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The Ypapanti Chapel & Juliette May Fraser
In the village of Vavili (7.5km from Chios) at the southwestern corner of the Kampos plain is one of the island’s most unexpected treasures—the minuscule chapel of the Ypapanti (the ‘Purification of the Virgin’), whose interior is entirely covered with * murals, painted in 1963 by Juliette May Fraser (1887–1983), an artist from Honolulu. (The chapel is c. 200m north of the main village church of Aghios Nikolaos, on ‘Odos May Fraser’. Key kept in house opposite and slightly further north.)
The majority of Juliette May Fraser’s work has remained in the Hawaiian islands where she was born and died, and where she was commissioned to decorate the State Library. While working in Athens in the early 1960s she volunteered to paint these murals, together with the artist David Asherman, as a gift to the village. The outside of the chapel is decorated with geometrical patterns in sgraffito (partly coloured), recalling the distinctive exteriors of the houses in Pyrgi. The interior is fresh in colour and clear in design. Not unexpectedly, the scenes are a hybrid of eastern and western, Byzantine and representational, modern and ancient; the perspective comes and goes; the scenes are sometimes (such as the Presentation itself) in local topography, sometimes in eternal landscapes; a musician angel plays an accordion, another has Hawaiian physiogmony. The whole is unified by an airiness and overall brilliance of colour, and is executed with such genuine joy that it provides a valuable counterpoint to the island’s wealth of early Byzantine art— one of the best examples of which, the Panaghia Krina, is to be found nearby in the foothills, 2.5km west of Vavili.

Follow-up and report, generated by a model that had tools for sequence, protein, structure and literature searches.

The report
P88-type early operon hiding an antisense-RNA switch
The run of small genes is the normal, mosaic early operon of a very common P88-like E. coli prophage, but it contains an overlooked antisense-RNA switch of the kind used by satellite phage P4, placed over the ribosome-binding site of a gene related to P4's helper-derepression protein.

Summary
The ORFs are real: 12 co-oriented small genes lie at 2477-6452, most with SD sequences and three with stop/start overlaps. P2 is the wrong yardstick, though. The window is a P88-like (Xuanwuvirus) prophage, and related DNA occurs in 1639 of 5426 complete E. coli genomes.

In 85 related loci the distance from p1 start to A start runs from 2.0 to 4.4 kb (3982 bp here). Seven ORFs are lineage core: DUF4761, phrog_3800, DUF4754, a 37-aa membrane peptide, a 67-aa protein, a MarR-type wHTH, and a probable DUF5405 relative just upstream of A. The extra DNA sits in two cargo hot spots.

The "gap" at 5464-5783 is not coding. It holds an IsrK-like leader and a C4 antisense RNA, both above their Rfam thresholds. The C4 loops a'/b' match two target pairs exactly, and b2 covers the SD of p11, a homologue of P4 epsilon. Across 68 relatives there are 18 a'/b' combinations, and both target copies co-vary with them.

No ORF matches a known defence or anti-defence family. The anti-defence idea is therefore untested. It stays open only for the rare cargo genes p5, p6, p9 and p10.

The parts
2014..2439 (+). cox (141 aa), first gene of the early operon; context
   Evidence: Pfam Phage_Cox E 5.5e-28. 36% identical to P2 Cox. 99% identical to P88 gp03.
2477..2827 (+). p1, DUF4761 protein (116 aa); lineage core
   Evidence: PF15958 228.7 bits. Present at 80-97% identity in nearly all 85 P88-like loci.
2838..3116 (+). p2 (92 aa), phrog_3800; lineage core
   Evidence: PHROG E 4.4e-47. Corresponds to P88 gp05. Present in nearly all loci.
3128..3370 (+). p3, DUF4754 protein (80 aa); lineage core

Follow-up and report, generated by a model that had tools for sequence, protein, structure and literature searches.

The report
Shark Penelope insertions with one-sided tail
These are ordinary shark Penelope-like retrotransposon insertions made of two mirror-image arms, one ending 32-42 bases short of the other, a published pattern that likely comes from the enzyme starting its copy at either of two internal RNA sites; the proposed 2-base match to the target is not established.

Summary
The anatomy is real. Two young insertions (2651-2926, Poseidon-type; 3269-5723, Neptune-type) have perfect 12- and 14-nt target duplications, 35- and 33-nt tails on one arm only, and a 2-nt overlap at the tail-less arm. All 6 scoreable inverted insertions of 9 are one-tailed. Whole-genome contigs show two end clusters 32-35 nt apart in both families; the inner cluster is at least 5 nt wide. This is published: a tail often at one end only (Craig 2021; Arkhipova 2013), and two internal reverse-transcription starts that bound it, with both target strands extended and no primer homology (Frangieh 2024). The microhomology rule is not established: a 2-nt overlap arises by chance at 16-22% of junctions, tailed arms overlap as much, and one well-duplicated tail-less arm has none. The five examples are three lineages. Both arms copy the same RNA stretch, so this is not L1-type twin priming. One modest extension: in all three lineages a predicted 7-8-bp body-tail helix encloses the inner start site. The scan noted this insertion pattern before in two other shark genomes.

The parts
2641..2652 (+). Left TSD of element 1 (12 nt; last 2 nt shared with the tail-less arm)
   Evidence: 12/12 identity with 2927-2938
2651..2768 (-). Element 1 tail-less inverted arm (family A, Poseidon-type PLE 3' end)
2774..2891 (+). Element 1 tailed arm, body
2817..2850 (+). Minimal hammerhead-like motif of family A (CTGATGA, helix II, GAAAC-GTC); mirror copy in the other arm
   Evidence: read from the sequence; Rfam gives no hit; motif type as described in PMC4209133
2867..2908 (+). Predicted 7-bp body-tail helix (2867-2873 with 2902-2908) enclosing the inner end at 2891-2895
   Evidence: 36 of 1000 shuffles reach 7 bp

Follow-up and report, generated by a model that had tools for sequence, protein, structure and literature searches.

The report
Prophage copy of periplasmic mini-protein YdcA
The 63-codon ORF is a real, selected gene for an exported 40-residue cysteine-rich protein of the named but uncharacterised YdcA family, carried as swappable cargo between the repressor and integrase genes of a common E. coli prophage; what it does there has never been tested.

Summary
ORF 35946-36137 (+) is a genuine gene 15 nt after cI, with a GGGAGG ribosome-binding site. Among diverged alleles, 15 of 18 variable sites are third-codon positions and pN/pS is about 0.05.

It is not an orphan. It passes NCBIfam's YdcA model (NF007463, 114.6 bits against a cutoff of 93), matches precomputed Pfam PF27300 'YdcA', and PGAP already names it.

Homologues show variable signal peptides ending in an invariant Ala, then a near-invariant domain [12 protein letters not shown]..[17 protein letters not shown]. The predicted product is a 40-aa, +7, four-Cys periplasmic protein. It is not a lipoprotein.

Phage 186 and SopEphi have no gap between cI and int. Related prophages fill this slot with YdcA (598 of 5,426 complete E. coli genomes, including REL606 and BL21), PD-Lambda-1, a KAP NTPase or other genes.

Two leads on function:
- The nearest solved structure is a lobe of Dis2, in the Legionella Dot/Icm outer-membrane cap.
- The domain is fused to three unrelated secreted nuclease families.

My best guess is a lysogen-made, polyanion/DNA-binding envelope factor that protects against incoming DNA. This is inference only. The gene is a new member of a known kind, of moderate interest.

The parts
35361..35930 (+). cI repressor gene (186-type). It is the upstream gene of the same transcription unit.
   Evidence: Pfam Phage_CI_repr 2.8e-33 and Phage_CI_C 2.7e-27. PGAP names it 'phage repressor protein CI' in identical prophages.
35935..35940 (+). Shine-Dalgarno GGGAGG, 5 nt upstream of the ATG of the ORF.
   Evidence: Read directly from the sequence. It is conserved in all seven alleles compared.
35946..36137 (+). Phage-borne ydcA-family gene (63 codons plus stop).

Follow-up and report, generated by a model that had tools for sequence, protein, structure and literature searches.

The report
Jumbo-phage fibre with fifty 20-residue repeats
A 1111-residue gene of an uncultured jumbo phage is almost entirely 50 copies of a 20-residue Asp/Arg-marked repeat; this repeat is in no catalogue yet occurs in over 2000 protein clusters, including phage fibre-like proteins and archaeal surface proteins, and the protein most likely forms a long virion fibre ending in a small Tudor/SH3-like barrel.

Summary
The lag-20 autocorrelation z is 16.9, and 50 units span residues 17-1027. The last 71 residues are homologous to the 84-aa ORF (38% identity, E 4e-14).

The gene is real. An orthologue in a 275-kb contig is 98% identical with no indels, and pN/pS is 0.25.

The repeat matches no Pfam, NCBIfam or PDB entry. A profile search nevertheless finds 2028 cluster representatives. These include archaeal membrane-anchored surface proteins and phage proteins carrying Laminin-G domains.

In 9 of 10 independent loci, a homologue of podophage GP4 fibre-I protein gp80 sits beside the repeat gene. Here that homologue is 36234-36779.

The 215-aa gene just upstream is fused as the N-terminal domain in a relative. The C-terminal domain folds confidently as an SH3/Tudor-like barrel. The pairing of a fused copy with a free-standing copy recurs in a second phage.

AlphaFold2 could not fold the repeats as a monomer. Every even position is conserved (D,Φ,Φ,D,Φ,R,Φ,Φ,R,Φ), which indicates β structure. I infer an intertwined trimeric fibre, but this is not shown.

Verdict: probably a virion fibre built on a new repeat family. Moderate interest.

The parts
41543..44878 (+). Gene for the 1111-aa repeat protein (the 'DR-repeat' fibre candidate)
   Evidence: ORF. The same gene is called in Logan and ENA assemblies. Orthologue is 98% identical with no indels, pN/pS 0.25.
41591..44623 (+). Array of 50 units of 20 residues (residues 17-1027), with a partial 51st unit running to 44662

Chios Island is part of the Northern Aegean Island group
Chios town and the Kampos area.The Ypapanti Chapel & Juliette May Fraser.